Retirement Planning Retirement PlanningRetirement Planning
Advice on how to prepare for life after government.

A Rude Annuity Shock

In the federal retirement system, what you don’t know can hurt you. This week, I present the story of a shocking—and arguably unfair—surprise the spouse of a retiree received upon his untimely death.

The case involves the quirky plan known as Civil Service Retirement System Offset. CSRS Offset is a version of CSRS established for employees who completed at least five years of civilian federal service creditable under CSRS, but who also had a break in federal service for at least a year that ended after 1983, and came under the Social Security system at some point in their careers. Further, when they returned to government, they didn’t go back into CSRS or the newer Federal Employees Retirement System, but rather into CSRS Offset. Such people pay Social Security taxes and a reduced CSRS contribution. Their CSRS retirement and survivor benefits are offset by the value of the offset service in their Social Security benefits. (If you need further explanation, here’s a previous column explaining CSRS Offset.)

Although CSRS Offset can work to the advantage of the employee, that is not always the case for a surviving spouse. Let’s look at why.

The “offset...

The TSP Quiz

Even the most experienced investors in the federal government’s retirement savings program, the Thrift Savings Plan, may find some things about it surprising. With that in mind, I decided to present a short quiz this week on TSP facts and statistics.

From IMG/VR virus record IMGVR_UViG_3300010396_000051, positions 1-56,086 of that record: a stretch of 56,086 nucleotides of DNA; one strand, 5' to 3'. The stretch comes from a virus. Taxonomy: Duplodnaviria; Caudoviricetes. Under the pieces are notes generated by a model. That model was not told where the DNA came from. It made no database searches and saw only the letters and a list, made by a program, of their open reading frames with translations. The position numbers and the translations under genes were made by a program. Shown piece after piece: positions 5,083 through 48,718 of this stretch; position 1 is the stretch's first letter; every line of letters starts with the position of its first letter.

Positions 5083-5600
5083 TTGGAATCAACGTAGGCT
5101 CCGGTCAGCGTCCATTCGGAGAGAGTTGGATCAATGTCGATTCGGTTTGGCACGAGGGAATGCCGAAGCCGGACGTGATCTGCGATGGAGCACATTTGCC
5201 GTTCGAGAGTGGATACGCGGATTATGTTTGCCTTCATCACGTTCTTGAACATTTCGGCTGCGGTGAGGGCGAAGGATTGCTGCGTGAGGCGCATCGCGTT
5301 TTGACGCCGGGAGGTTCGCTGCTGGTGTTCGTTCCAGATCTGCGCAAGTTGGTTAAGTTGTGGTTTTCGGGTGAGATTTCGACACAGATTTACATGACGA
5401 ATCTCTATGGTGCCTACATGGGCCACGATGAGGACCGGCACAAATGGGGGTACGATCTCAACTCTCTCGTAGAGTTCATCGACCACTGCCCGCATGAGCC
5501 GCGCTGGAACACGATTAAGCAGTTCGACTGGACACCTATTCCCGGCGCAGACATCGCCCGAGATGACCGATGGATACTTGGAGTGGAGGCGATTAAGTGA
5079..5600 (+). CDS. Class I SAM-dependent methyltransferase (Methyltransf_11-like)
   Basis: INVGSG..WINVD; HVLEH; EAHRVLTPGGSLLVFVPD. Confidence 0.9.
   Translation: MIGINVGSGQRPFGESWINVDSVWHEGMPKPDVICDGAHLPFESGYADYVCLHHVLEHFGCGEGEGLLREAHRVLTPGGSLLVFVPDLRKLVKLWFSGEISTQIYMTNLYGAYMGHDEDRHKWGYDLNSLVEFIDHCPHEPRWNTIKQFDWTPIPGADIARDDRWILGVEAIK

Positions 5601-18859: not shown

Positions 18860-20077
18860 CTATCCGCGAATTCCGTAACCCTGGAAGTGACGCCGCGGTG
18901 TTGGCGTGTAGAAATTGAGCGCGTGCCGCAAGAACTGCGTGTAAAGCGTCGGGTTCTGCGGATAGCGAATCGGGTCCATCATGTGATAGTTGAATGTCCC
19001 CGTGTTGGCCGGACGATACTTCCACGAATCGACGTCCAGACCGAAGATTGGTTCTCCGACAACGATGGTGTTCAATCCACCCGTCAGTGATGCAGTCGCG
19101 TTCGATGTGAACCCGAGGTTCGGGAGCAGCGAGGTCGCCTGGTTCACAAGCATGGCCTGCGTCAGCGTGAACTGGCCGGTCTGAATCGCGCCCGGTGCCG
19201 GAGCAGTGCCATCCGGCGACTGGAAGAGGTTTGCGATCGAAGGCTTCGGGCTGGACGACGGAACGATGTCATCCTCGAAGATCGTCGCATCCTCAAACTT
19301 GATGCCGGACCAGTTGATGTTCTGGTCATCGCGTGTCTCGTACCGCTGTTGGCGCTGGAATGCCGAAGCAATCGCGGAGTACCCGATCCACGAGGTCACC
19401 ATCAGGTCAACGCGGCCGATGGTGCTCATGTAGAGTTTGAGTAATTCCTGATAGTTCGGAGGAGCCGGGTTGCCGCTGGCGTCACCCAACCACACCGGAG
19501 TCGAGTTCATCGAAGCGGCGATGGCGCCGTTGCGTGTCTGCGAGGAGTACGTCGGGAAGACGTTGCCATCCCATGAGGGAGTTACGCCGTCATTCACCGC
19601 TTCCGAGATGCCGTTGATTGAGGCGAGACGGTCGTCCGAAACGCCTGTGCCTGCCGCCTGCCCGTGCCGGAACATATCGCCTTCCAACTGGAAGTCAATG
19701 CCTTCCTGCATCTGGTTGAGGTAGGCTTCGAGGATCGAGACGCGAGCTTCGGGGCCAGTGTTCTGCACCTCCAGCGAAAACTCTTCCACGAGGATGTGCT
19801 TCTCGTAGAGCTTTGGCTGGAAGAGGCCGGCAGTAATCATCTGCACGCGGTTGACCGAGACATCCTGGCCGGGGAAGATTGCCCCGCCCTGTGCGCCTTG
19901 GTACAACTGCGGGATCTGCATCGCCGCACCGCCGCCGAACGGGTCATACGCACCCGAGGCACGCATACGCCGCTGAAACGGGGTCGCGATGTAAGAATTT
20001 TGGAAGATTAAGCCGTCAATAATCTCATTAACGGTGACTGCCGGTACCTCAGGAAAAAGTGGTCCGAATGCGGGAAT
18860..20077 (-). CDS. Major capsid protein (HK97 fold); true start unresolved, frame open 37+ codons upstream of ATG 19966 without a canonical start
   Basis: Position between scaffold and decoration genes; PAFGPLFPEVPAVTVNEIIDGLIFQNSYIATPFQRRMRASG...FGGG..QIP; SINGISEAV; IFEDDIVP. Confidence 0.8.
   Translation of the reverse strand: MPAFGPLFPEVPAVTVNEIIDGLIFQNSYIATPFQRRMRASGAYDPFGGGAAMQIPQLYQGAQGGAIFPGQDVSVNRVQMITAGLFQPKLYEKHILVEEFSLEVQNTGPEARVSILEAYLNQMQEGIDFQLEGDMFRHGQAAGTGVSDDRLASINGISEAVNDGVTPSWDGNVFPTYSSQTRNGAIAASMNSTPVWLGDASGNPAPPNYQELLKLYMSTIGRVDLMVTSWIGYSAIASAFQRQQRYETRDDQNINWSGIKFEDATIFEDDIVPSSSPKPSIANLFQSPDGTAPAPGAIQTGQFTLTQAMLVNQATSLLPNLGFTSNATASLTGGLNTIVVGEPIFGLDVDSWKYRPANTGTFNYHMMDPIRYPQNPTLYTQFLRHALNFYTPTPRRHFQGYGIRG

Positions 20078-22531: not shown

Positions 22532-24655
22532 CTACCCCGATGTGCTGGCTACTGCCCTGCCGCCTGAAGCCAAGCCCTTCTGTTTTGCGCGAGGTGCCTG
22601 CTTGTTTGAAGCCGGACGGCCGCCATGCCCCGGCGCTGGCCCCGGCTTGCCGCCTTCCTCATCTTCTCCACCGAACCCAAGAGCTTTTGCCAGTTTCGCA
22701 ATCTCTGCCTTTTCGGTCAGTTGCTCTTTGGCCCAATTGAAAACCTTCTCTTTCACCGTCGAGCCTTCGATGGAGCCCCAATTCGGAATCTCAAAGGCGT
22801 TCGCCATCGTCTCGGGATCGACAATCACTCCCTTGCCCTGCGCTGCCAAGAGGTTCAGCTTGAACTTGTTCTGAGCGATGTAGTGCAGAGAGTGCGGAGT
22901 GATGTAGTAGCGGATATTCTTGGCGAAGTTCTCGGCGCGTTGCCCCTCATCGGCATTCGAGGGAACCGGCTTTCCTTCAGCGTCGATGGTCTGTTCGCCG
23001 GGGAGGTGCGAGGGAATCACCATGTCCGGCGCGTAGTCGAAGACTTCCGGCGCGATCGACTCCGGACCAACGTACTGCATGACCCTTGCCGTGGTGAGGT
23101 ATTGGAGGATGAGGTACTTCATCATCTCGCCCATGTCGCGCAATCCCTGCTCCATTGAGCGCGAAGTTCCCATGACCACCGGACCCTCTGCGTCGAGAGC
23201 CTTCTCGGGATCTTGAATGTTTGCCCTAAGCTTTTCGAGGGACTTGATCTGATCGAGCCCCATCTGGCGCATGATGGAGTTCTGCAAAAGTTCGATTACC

When you’ve completed the quiz, click here for the answers.

1. When should you make your request to withdraw funds from the TSP?

a. When you are 70 ½ years old, whether you are still working or are separated from federal service

b. No later than the end of February of the year after your separation from federal service if you are over age 70 ½

c. April 1 of the year after you are separated if you are already over 70 ½

d. The TSP does not require that you withdraw funds from your account until you want to

2. The TSP will declare your account to be abandoned when:

a. There is no activity in your account, such as interfund transfers, monthly withdrawals or contributions

b. You don’t respond to the TSP’s notice that you must make a withdrawal request by the required minimum distribution deadline

c. You are on active-duty military service

d. You neglect...

How Your Retirement Nest Egg Adds Up

I like to think of the Thrift Savings Plan as the icing on the cake of the Federal Employees Retirement System. For many federal retirees, the TSP will play the starring role in a financially comfortable retirement.

Since 1987, federal employees have been able to use the TSP to save a portion of their salaries for their future retirement on a tax-deferred basis. (And since 2012, they can invest after-tax dollars that grow tax-free in the Roth TSP). For those under FERS, the TSP includes agency automatic and matching contributions that provide a total of 5 percent of an employee’s basic pay in additional savings as long as the employee contributes 5 percent of his or her salary. The TSP was designed as one of three parts of the FERS retirement plan, along with Social Security and the basic FERS retirement benefit.